10 Surprising Facts About Historic Barns in Washtenaw County

Sep 23, 2016

Washtenaw County's Driving Tour of 19th and 20th Century Barns opens your eyes to beautiful structures that have stood the test of time. You can take a driving tour for yourself, or visit the tour virtually by clicking here. Keep reading to learn more about Washtenaw County's Historic Barns. 




1. Barns are Red for a Reason. 
Homemade paint dyes were limited to local resources.  “Oxblood” red has traditionally been a common color choice. Farmers would seal their barns with an orange colored linseed oil, which was made red with the addition of rust or ferrous oxide, to prevent mold.  Rust has anti-fungal qualities that keep wood from rotting. 


2. Silos have a long history of exploding. 
This common barn accessory structure is used as storage for fermented grain used to feed livestock over the winter.  Fermentation created gases that could build up over time – and even EXPLODE!


3. How do you keep corn from molding or accidentally becoming moonshine? 
Corn cribs! These small structures are built of wooden slats, raised above the ground like an inverted trapezoid, and keep the corn dry, ventilated, and off the ground.  High ceilings draw moisture up and out, and tilted walls shed water down and away from the corn.


4. Head for the White Arches.
Farm work lasts late into the night.  The bright white color accents and arches on red barns helped famers locate the barn in the dark. The white accents proved to be a beacon in the night.


5. Haven’t I seen that barn somewhere before? 
Barns were often moved or repurposed.  It is not uncommon for portions of barn to be saved and reused in new construction.  The Dickerson Barn in Salem Township has hand- hewn oak timbers from the 1830s, while the barn itself was constructed years later in c.1850.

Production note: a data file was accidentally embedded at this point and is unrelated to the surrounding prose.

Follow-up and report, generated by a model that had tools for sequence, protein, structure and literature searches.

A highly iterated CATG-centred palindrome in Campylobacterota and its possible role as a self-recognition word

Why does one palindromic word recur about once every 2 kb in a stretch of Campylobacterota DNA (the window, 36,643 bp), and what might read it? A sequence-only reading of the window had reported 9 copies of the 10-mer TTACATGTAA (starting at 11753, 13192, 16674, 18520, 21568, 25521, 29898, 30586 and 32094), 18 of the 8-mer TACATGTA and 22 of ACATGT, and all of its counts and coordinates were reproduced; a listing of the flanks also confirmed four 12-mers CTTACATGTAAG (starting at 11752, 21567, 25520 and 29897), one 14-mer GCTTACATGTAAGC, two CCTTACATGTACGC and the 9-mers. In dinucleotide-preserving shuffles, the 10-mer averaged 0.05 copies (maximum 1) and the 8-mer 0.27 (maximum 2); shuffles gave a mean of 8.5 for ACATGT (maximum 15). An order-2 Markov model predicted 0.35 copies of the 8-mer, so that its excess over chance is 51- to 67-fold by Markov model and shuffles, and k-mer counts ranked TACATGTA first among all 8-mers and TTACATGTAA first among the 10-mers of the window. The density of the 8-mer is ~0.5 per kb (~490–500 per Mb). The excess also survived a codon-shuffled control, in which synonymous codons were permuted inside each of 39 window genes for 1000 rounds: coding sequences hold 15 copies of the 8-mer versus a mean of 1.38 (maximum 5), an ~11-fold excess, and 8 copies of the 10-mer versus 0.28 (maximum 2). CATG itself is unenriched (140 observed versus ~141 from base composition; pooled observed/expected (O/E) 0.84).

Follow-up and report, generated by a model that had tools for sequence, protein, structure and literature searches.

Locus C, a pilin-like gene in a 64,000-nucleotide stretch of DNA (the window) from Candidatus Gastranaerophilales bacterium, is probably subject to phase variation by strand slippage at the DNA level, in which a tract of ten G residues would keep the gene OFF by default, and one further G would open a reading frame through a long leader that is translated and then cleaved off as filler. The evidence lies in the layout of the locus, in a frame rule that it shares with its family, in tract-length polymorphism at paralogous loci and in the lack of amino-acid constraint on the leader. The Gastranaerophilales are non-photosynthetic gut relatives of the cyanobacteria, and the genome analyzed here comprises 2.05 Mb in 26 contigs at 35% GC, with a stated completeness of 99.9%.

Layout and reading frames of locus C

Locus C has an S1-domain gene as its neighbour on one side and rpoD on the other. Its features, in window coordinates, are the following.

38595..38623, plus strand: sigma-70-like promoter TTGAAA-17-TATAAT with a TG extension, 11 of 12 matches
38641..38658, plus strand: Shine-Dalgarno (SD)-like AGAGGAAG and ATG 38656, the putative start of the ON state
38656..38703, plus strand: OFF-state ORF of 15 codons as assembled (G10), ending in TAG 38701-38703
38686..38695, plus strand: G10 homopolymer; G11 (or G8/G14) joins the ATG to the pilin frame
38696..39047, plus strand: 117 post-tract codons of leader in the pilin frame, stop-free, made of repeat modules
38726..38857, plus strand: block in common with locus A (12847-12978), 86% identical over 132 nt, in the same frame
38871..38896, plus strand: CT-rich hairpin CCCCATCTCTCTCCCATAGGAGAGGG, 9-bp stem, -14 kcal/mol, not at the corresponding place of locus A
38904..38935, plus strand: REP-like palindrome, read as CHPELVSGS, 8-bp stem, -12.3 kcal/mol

6. Dirty Jobs?  Indeed! 
Farmers have the 6th most dangerous job in the United States.  270 die a year, 15% of them in silos. Yikes! Current safety practice for inside silo work is to wear an oxygen re-breather (like a scuba diver) to prevent asphyxiation.


7.  Disappearing Act.
In 1920 there were more than 4,000 farms in Washtenaw County.  By 2012, there were only 1,236 farms left in operation.  A few farms remain in traditional production.  Others are adapted for special uses such as horse boarding and riding instruction, landscape business, cider mill or use as an event space like Zingerman’s Cornman Farms.


8. How does a cow go upstairs? She doesn’t! 
Many barns are built an embankment that serves as a ramp for cattle or other livestock to moooove in and out.  Livestock can enter on the lower level for milking or shelter, or be herded to the other side, up a ramp, to enter the upper level.


9. The elder statesman, the Gable Roof. 
Gable roofs are a simple peak roof, typical in barns from early settlement until the Civil War.  Later barns feature Gambrel roofs, which provide more room for hay storage, a key feature when many farms shifted to dairy production in the late 19th and early 20th centuries. This second type is commonly known as a “barn roof.”   


10.  See them for yourself – jump in the car or hop on your bike!
Reward yourself for your extra efforts at the Dairy Queen in Manchester Village, or plan to stop for a picnic at Washtenaw County’s Sharon Mills Park.

The Washtenaw County Historic Barn Heritage Tour covers more than 100 travel miles from downtown Ypsilanti and back.  There are 17 barns on the historic barn tour – but so many more to see along the way!  To give it a try visit, www.ewashtenaw.org/heritagetours. And if you see one of these barns for yourself, use the hashtag #VisitAnnArbor to share it with us!

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